against the uncritical absorption of theology


It is good to question what you believe.

It might freak your friends out.  It might freak your pastor out.  It might freak you out.  But questioning what you believe is a good and necessary part of a maturing faith.  A lot of our theology is absorbed uncritically from the world around us and not all of it is good.

The process of questioning our theology can be disconcerting because we don’t just question the things that we ultimately determine are bad or false; we also question the the things that we ultimately determine are good and true.  It’s the questioning (doubting) process that allows us to figure out what is good and what is bad. It’s how we determine what we carry forward with confidence and what we need to leave behind.

The refining process includes exploring what we believe along with why we believe it and where it comes from.  Today we’re looking at the where, in coming weeks we’ll explore the what and why.

Wesleyans acknowledge that theology comes from many sources; our favorites are the Bible, tradition, reason, and experience. These four sources make up the “Wesleyan Quadrialteral.”  Wesleyans aren’t the only people that acknowledge these sources but somehow we won the naming rights.

The Bible is listed first because the Bible always wins. We believe that the Bible is the Word of God.  In its pages God reveals who he is, who we are, and his plan for creation and redemption.  It contains the truth that he wanted to make sure everyone had access to. The truth contained in its pages applies to all people, everywhere, for all time.  God speaks outside of the Bible (in nature, through the Holy Spirit, in dreams and visions, and other ways) but he will not contradict what he has already said in the Bible.  The Bible is the final authority for our theology.

It would be nice if you could just equate your theology with whatever the Bible says, but it isn’t that simple.  Anytime you read anything, including the Bible, you interpret it.  And it’s likely that you’ll interpret it differently than the person sitting next to you, because you are  both viewing it through your own unique lenses.  Your lens is shaped by your age, gender, culture, experiences, language, etc.  Because the Bible is relatively clear most of the time, but is definitely able to be interpreted a variety of ways, we use the other sources–tradition, reason, and experience–to shape our theology in a way that (we hope) is inline with what God intended.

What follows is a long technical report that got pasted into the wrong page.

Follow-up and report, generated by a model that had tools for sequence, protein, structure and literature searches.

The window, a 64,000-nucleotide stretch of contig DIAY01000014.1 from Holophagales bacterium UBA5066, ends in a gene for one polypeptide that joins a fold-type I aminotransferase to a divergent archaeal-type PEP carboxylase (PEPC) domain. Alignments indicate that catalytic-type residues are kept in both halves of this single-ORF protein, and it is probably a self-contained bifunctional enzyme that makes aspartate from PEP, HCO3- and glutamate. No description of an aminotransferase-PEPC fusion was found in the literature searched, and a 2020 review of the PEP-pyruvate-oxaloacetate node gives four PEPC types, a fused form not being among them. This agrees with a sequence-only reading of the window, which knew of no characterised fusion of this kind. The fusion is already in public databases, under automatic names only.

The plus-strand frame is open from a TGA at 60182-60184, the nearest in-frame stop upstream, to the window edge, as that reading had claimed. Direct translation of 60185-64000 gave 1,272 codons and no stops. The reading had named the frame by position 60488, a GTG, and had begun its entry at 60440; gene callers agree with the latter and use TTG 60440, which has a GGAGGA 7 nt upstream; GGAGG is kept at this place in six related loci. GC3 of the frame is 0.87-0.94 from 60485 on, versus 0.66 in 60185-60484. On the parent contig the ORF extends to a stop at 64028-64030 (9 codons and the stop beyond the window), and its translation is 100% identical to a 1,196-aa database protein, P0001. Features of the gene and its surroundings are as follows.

Tradition can be very helpful…most of the time. It’s unlikely that you’ll discover something in the Bible that hasn’t already be researched, discussed and debated by others of the last two thousand years of Christianity.  There are a lot of things that the Church has ruled as heresy*…and a few things it’s reversed its stance on over time.  But this general consensus on core topics over hundreds and thousands of years is helpful for informing our theology.

Reason is using our brain to process what we read in the Bible, what we hear from tradition, and what we experience. It’s reason that tells us that God doesn’t really have wings and he’s not really a bird despite the many references in Psalms that talk about God protecting us with his wings because reason tells us that the Psalms are poetry and should be interpreted as poetry, not like a narrative, or science book, or news story.   John Wesley studied philosophy and science along with other disciplines that helped shape his theology and inform his faith.  When studying theology both our heads and our hearts are important.

Our theology is shaped and informed by our experience.  It’s not uncommon for people to believe that God is gracious and compassionate when they experience grace and compassion from those who bear his name.  It’s also not uncommon for people to believe that God is angry and judgmental when the are attacked and judged by Christians.  Experience, of course, is incredibly subjective and needs to be submitted to the Bible but we shouldn’t be afraid to explore our experience and allow it to shape our theology.  It is good to know that God is love because we read it in the Bible.  It is better to know God is love because we have felt his touch and experienced his unconditional love and grace.

Our experience can shape our theology when something tragic happens that our belief system isn’t prepared for.  A divorce, death, or diagnosis can shake us to our core and cause us to question God’s goodness, his power, or his very existence.